US 4165808 A
A reciprocating transfer mechanism having grippers for grasping and extracting a row of upholstery spring coils from a coil feeder and thrusting the coils into a spring assembly machine in a continuous composite coil-reorienting delivery movement which simultaneously conditions alternate grippers for the succeeding transfer cycle without reorientation thereof on the return movement.
1. A mechanism for transferring upholstery spring coils a row at a time from a feeding station to a delivery station, wherein the improvement comprises
a carriage mounted for reciprocation between the two stations,
said carriage having thereon a rotatable shaft positioned transversely of the direction of reciprocation and an indexing drive for turning the shaft through onehalf revolution in the same direction on each succeeding traverse of the carriage from the feeding station to the delivery station,
a plurality of transfer arms on said shaft arrayed in a common plane which includes the shaft, and disposed in said common plane as aligned pairs extending perpendicularly from the shaft in opposite directions,
each arm having at its free end a gripper adapted to enter said feeding station and to grasp and hold a helical wire upholstery spring coil firmly between the ends of such coil so as to withdraw the coil forcibly therefrom transversely of the coil axis at the beginning of the delivery traverse of the carriage with said coils in trailing relation to said shaft, to reposition the overturned coil in advancing relation to the shaft by said half-revolution, and to insert the overturned coil forcibly into the delivery station by a thrusting movement transverse to the coil axis as the conclusion of said delivery traverse,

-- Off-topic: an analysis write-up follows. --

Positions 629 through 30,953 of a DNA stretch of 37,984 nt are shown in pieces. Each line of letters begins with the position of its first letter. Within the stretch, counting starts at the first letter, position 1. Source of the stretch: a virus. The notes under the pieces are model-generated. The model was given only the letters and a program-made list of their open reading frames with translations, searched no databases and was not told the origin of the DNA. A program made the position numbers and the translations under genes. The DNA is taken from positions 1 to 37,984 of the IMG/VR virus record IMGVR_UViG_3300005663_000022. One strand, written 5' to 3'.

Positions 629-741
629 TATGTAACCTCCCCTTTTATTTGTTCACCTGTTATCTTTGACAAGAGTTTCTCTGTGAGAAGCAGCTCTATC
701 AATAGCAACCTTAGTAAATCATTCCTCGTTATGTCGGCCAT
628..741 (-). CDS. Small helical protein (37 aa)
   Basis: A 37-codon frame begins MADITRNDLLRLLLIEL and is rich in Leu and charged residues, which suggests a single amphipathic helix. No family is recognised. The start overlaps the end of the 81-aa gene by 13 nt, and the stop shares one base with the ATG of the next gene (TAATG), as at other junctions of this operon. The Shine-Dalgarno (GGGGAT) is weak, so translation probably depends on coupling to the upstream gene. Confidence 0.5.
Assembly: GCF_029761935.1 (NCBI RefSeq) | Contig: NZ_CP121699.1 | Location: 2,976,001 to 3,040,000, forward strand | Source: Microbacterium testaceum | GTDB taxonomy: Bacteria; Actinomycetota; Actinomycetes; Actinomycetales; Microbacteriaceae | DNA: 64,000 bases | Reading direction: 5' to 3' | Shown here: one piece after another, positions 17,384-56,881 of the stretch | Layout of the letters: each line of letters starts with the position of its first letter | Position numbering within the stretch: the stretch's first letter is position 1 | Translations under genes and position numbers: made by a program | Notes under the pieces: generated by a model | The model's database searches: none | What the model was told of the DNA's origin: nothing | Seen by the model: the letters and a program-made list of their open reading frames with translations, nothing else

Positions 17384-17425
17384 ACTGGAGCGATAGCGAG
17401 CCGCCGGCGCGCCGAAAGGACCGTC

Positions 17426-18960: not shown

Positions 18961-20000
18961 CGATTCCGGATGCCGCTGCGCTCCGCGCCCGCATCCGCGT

powered drive means for reciprocating the carriage between the stations,
powered means for closing and opening the grippers, and
control means for coordinating the application of power to cause said grippers to grasp and hold a row of coils at the feeding station, to propel the carriage toward the delivery station while rotating said shaft through said one-half revolution, to cause said grippers to release the coils at the delivery station, and to return the carriage to the feeding station.
2. The mechanism of claim 1 wherein the indexing drive, the powered drive means for reciprocating the carriage, and the forward means for opening and closing the grippers, are powered by air, and the control means comprises solenoid-operated valves in the air supply lines to said indexing drive and powered means energized through switches actuated by the reciprocation of the carriage.
This invention relates to machinery for the assembly of upholstery spring coils into "constructions," so-called, which become the cores of mattresses or cushions.
More particularly, it relates to improvements in mechanism for transferring upholstery spring coils, a row at a time, from a feeding station to a delivery station, usually the input end of an automatic assembly machine such as that illustrated in Woller U.S. Pat. No. 2,388,100, or the assembly machines manufactured by Wells, Woodfield, or Spuhl.
The transfer mechanism of the invention is particularly suited to the fully automated assembly of spring coil constructions, i.e., one in which the assembly begins with a coil feeder such as the feeder of my U.S. Pat. No. 3,193,136, capable of isolating a row of individual spring coils from a bulk supply of coils in nested stacks for subsequent delivery by the transfer mechanism directly into the jaws or other receiving station of the assembly machine.
In such an automated repetitive operation, the production rate is governed by the cycling time of the slowest constituent part, which, in the case of a system including the three principal elements of feeder, transfer mechanism, and assembly machine, has, in my experience, been the transfer mechanism, particularly when the assembly machine cycle is foreshortened for twin size and other narrow constructions.